A two-day conference will honor the work of University of Oregon Department of Geography Professor Alec Murphy and will discuss the changing significance of territory and the rise of right-wing populism in response to the changing state of borders.
The geography conference, titled “Rethinking Territory: Global Shifts, Local Dynamics,” is co-sponsored by the College of Arts and Sciences and the Global Justice Program, and it will feature academic scholars from around the world. The event is Saturday, June 3, and Sunday, June 4.
The program coincides with Murphy’s retirement; the 2023-24 academic year will be his last as a professor. Among the academic work he’s completed during his 36-year tenure at the UO is writing about the populist reaction to globalization, which relates to the conference’s theme.
“We’re living through a period of considerable upheavals in the way we’ve traditionally thought about territory and the political map,” Murphy said.
With the increasing presence of the internet, modern technologies and human migration, national borders have less of an impact on keeping global issues at bay. And that’s led to some leaders in countries around the world returning to right-wing, nationalist ideologies.
The 2022 Russian invasion of Ukraine is an example of traditional politics, with a military power exercising its power over a geographic neighbor.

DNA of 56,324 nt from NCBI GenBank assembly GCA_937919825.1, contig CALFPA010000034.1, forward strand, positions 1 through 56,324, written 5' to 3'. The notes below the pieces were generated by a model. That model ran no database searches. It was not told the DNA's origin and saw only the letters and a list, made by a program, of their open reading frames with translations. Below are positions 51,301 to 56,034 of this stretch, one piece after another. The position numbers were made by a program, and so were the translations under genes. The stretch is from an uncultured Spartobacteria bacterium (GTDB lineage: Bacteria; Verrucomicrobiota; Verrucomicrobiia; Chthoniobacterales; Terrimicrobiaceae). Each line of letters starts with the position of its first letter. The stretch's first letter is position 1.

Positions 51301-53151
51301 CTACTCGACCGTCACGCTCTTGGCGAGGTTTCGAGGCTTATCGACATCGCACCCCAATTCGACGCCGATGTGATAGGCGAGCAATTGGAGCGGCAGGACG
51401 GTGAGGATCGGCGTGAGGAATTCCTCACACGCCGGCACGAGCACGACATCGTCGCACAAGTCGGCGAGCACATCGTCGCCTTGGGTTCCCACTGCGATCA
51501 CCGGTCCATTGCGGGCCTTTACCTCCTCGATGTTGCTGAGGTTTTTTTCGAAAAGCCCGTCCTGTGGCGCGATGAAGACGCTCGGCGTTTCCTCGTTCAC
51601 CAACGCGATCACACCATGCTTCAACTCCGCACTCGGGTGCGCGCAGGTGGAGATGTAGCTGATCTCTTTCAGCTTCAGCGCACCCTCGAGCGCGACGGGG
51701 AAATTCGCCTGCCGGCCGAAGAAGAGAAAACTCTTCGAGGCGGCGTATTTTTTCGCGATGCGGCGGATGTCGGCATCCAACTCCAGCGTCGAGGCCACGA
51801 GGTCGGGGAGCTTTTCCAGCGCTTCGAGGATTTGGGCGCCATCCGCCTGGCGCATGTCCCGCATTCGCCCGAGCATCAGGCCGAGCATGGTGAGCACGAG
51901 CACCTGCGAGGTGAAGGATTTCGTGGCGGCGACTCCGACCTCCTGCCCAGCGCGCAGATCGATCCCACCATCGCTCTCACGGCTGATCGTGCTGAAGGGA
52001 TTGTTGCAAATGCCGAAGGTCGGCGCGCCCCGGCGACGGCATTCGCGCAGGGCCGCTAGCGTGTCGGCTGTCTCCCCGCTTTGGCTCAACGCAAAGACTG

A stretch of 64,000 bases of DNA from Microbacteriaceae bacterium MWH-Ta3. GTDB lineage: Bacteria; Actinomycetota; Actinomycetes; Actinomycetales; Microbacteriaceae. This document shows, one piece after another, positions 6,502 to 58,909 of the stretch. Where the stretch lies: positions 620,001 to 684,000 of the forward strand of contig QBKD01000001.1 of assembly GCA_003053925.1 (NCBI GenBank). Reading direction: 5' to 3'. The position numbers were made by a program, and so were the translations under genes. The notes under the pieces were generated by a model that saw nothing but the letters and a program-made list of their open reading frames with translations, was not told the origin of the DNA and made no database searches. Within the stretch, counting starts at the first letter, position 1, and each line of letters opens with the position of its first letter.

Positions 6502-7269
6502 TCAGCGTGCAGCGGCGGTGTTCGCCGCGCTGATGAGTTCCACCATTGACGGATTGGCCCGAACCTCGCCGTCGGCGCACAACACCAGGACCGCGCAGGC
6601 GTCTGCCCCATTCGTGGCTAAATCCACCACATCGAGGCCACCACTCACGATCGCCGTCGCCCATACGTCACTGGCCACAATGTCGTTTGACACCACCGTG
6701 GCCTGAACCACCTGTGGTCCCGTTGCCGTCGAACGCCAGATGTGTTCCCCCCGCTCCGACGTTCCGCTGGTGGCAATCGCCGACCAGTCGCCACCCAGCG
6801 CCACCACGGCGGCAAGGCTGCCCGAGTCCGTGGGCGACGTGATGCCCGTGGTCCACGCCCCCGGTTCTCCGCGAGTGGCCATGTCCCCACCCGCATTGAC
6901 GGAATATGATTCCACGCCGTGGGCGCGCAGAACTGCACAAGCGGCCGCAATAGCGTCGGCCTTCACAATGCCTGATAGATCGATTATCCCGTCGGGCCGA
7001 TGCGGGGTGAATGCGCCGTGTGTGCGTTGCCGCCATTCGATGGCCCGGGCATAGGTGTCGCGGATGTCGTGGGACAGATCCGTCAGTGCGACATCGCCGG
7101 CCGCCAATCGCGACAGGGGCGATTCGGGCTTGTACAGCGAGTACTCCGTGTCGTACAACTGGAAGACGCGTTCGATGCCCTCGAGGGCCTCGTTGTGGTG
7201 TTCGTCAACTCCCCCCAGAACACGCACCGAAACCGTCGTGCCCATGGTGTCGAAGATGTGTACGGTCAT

“You know, build more walls, my country ‘über alles,’ the sort of turn toward right-wing populists,” Murphy said.
In 2013, Murphy first wrote about the right-wing reaction to the change of borders, cultures and norms due to the internet and immigration in the peer-reviewed journal Annals of the American Association of Geographers. After spending time researching in countries such as China, Iran, and Russia, he’d observed that nationalist ideas were resurgent.
He revisited that article in 2022, looking at nationalistic responses to the COVID-19 pandemic, and how countries closed borders and mobilized vaccines for nationalist purposes.
The event will feature presentations by geography scholars on issues including borders in Israel and Palestine by Professor David Newman of Ben-Gurion University of the Negev in Israel, white supremacy in US National Historic Landmarks by Professor Laura Pulido of the UO, the trade war between the US and China by Distinguished Professor Henry Yeung of the National University of Singapore — and more.
— By Henry Houston, College of Arts and Sciences